Format

Send to

Choose Destination
FASEB J. 2017 Dec;31(12):5557-5567. doi: 10.1096/fj.201700323R. Epub 2017 Aug 18.

Twenty-four-hour rhythmicity of circulating metabolites: effect of body mass and type 2 diabetes.

Author information

1
Chronobiology Section, Faculty of Health and Medical Sciences, University of Surrey, Guildford, United Kingdom.
2
Chronobiology Section, Faculty of Health and Medical Sciences, University of Surrey, Guildford, United Kingdom d.skene@surrey.ac.uk.

Abstract

Metabolic profiling of individuals with type 2 diabetes mellitus (T2DM) has previously been limited to single-time-point samples, ignoring time-of-day variation. Here, we tested our hypothesis that body mass and T2DM affect daily rhythmicity and concentrations of circulating metabolites across a 24-h day in 3 age-matched, male groups-lean, overweight/obese (OW/OB), and OW/OB with T2DM-in controlled laboratory conditions, which were not confounded by large meals. By using targeted liquid chromatography/mass spectrometry metabolomics, we quantified 130 plasma metabolites every 2 h over 24 h, and we show that average metabolite concentrations were significantly altered by increased body mass (90 of 130) and T2DM (56 of 130). Thirty-eight percent of metabolites exhibited daily rhythms in at least 1 study group, and where a metabolite was rhythmic in >1 group, its peak time was comparable. The optimal time of day was assessed to provide discriminating biomarkers. This differed between metabolite classes and study groups-for example, phospholipids showed maximal difference at 5:00 AM (lean vs. OW/OB) and at 5:00 PM (OW/OB vs. T2DM). Metabolites that were identified with both robust 24-h rhythms and significant concentration differences between study groups emphasize the importance of controlling the time of day for diagnosis and biomarker discovery, offering a significant improvement over current single sampling.-Isherwood, C. M., Van der Veen, D. R., Johnston, J. D., Skene, D. J. Twenty-four-hour rhythmicity of circulating metabolites: effect of body mass and type 2 diabetes.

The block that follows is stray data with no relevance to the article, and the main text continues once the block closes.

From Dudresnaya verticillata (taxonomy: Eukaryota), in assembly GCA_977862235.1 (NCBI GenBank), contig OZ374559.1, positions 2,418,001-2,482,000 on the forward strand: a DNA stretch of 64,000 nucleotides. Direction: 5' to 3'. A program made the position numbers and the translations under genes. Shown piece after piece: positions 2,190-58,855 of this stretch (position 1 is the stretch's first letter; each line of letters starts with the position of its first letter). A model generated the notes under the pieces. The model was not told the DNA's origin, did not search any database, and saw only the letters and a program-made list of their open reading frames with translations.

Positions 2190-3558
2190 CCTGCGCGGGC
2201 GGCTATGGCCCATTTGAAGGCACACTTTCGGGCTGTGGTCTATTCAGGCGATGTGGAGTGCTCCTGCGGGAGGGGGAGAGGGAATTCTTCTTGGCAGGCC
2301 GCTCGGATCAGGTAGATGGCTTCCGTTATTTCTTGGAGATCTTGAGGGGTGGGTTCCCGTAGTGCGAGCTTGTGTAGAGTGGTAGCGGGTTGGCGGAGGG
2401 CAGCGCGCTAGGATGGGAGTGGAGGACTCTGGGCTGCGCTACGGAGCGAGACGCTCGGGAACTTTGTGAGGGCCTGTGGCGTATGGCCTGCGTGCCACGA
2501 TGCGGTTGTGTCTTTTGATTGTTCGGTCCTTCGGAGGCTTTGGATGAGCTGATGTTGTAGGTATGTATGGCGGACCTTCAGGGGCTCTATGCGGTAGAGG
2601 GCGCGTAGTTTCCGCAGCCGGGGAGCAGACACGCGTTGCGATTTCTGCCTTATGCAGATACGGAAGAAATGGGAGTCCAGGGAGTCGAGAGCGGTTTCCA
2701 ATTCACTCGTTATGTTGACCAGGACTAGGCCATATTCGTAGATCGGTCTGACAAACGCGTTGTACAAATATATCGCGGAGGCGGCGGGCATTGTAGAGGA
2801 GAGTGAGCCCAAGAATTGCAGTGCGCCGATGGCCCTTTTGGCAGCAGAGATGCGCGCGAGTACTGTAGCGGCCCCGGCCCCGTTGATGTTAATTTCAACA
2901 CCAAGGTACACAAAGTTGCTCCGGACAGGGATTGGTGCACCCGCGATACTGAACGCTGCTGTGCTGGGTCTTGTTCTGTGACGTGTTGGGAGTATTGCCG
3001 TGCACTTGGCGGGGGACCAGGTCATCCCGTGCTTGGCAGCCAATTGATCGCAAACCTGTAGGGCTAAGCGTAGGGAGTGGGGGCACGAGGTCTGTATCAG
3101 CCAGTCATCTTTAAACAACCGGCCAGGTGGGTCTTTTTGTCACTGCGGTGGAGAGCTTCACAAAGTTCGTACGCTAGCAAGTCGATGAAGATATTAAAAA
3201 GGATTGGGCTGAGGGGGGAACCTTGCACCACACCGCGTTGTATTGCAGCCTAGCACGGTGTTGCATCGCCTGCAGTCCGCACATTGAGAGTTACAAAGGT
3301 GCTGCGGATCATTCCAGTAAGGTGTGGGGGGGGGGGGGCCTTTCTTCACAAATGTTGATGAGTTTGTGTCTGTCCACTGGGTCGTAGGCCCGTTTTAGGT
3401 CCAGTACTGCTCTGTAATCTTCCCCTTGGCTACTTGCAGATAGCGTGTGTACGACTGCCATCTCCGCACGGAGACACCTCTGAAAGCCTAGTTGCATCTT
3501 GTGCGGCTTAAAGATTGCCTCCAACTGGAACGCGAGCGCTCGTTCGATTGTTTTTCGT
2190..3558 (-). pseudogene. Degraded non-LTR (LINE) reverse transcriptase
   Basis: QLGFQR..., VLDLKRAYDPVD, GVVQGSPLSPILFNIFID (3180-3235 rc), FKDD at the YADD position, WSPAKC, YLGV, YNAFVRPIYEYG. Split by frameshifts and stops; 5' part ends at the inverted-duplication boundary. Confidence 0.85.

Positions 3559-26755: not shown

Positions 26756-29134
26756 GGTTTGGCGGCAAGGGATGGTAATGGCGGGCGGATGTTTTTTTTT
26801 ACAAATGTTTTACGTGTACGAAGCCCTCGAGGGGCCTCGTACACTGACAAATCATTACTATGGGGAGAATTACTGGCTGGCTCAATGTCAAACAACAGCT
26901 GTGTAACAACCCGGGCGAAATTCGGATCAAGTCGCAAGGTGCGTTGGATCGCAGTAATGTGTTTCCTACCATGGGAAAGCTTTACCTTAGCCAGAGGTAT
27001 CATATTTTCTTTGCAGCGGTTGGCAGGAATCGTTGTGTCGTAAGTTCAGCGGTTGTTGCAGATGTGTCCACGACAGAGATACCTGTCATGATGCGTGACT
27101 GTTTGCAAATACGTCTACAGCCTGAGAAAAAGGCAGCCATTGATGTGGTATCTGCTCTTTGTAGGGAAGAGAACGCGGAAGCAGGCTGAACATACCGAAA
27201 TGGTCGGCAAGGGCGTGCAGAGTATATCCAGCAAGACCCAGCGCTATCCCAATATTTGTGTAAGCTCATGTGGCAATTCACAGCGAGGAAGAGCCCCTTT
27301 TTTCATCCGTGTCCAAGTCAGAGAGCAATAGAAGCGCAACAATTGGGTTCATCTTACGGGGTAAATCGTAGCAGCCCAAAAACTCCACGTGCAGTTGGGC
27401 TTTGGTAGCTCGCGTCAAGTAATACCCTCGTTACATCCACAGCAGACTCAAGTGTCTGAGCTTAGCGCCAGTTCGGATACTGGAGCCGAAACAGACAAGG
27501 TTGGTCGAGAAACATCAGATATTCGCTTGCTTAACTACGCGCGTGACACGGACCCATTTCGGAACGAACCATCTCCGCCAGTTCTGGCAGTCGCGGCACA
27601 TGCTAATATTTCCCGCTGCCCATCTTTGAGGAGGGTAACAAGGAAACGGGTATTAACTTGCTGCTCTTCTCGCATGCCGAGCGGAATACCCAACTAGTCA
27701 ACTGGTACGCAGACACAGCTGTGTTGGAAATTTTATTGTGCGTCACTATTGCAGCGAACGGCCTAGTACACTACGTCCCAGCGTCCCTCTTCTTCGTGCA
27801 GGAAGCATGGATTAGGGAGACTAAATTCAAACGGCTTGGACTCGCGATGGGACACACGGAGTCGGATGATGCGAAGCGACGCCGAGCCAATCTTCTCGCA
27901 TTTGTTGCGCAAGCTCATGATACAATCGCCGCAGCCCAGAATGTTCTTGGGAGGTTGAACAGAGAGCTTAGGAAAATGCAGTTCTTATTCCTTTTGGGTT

KEYWORDS:

biological rhythms; circadian clock; human; metabolomics; obesity

PMID:
28821636
PMCID:
PMC5690388
DOI:
10.1096/fj.201700323R
[Indexed for MEDLINE]
Free PMC Article

Supplemental Content

Full text links

Icon for Atypon Icon for PubMed Central
Loading ...
Support Center